The NAMM Foundation will honour a further eight ‘culturally significant’ musical inventions at its TECnology Hall of Fame event on 21 January. Presented by pro-audio journalist George Petersen, the ceremony will honour a host of innovations dating from 1954 to 1998.
The first of this year���s recipients dates from 1954. The Decca Tree microphone stand (pictured top) was created by Roy Wallace and Arthur Haddy, and utilises three omni-directional microphones – often with left and right outriggers. It continues to be used as a set-up today by both pros and hobbyists.
From 1960 comes the Neumann U67 Condenser Microphone. The multi-directional condenser microphone was the first of its kind, compensating for proximity of studio musicians who preferred to sing directly into the microphone.
A defining part of some of the most notable guitar riffs of the last 50 years, the third celebrated innovation (from 1966) is the Wah-Wah Pedal. Discovered ‘nearly by accident’ by Brad Plunkett of Warwick/Thomas Organ Company, the wah-wah pedal has found its way onto iconic hits by Cream, Jimi Hendrix, Led Zeppelin and many others.
Entries four and five constitute some of the most significant studio innovation of the late 1980s. The Tascam 80-8 eight-track analogue recorder (unveiled in 1976 and pictured) quickly became the standard in small professional and home studios, while Wendel – developed by late, great studio engineer Roger ‘The Immortal’ Nichols – was a pioneering creation in the art of digital drum replacement. Designed to sample audio drums, Wendel was used during some of the era’s greatest albums, including Steely Dan’s Gaucho and Donald Fagen’s The Nightfly.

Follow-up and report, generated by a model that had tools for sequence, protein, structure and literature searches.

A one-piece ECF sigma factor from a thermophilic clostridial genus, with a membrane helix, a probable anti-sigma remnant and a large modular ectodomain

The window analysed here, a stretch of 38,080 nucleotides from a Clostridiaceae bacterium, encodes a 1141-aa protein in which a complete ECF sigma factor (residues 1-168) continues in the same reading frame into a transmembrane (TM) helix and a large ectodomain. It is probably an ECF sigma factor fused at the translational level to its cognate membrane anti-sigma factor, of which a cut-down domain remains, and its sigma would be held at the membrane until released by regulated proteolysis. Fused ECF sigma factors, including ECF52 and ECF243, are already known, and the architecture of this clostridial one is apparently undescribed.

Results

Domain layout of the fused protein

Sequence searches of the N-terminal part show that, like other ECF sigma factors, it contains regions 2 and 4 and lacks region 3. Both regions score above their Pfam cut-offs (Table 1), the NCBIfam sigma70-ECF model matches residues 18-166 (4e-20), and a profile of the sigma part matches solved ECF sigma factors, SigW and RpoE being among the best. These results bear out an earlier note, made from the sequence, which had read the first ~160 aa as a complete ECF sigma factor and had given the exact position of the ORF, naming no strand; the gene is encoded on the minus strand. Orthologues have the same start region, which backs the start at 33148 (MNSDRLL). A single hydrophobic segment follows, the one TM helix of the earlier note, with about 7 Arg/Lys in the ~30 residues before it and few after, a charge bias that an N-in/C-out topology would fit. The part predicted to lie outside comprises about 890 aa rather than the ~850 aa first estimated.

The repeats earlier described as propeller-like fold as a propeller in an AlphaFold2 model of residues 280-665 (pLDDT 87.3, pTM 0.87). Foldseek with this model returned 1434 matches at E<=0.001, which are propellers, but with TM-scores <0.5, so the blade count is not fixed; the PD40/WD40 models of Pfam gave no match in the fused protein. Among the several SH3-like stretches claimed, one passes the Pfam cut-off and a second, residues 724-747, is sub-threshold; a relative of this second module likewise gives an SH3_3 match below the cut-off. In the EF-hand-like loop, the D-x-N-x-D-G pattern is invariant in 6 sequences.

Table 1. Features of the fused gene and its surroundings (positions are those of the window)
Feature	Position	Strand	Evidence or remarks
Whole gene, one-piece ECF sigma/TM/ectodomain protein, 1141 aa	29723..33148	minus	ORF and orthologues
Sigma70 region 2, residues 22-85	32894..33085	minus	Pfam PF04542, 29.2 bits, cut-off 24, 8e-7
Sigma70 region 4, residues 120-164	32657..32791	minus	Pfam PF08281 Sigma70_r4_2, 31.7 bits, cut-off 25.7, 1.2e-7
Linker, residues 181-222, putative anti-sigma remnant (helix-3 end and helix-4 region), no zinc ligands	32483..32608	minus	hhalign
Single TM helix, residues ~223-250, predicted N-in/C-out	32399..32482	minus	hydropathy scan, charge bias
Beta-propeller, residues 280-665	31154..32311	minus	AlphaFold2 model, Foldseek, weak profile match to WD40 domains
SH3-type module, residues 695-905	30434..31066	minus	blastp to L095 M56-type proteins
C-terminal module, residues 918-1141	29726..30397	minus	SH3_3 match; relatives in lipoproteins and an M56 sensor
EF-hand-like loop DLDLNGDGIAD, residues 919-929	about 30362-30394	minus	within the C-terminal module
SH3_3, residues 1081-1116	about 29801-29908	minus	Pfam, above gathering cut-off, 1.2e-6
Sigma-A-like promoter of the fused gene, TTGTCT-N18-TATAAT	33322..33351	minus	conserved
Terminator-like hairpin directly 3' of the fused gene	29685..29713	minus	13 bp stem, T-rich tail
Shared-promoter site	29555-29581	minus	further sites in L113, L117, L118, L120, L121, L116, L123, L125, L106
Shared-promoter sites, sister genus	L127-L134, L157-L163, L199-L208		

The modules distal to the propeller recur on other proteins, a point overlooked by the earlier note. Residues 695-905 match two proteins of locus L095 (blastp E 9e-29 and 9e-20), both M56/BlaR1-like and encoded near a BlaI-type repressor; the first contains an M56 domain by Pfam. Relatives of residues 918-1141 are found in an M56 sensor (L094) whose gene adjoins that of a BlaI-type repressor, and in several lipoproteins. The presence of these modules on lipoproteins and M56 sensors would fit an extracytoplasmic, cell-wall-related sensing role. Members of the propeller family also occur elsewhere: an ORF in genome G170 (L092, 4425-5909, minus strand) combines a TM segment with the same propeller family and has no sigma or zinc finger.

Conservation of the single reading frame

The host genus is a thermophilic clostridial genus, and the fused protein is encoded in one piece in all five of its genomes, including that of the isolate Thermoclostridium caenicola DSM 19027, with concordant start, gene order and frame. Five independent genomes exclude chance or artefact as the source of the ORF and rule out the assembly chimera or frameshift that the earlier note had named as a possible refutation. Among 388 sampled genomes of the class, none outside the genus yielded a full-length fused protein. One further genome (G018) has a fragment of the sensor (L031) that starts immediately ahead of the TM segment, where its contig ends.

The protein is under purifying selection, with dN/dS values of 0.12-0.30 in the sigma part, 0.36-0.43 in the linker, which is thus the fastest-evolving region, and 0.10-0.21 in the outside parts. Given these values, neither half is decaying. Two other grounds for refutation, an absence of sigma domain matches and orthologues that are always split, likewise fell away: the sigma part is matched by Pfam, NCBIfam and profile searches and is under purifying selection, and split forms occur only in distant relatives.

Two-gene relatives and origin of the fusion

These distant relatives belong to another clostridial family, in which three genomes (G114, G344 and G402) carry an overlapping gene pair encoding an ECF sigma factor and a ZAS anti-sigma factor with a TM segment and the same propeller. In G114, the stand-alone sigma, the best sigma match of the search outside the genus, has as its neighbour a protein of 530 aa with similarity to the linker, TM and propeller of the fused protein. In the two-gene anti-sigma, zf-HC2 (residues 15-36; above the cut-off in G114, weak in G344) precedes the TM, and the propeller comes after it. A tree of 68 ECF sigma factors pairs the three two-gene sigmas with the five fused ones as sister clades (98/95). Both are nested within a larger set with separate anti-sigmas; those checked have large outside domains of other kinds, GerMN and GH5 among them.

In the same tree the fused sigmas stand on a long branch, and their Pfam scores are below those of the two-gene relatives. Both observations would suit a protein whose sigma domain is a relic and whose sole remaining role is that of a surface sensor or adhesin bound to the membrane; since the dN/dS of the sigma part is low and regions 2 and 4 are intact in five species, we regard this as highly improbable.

Invented in 1985, the API Audio Lunchbox 500 series gave pro-audio professionals the opportunity to customise their rigs with API components as required. The company would go on to offer a number of variations of the 500 series.
Celebrating its 30th anniversary in 2017, the Neutrik Speakon has become a standard for professional live sound speakers. Upon their release in 1987, both the cable and chassis versions of the connector met international regulations, featured a solderless connection, and defined a streamlined signal chain experience.
The AEA R44-B/C ribbon microphone was designed (as the R44B) in the 1930s but proved to be an extremely enduring piece of design. Described as the most multi-purpose microphone available for sound professionals, the mic was brought back to market as the R44-C in 1998.
Finally, winners in the Outstanding Technical Achievement and Outstanding Creative Achievement will be announced during the TEC Awards show. Aerosmith co-founder and lead guitarist Joe Perry will receive the prestigious Les Paul Award and perform several songs, while the band’s engineer and producer, Jack Douglas, will be inducted into the NAMM TEC Hall of Fame.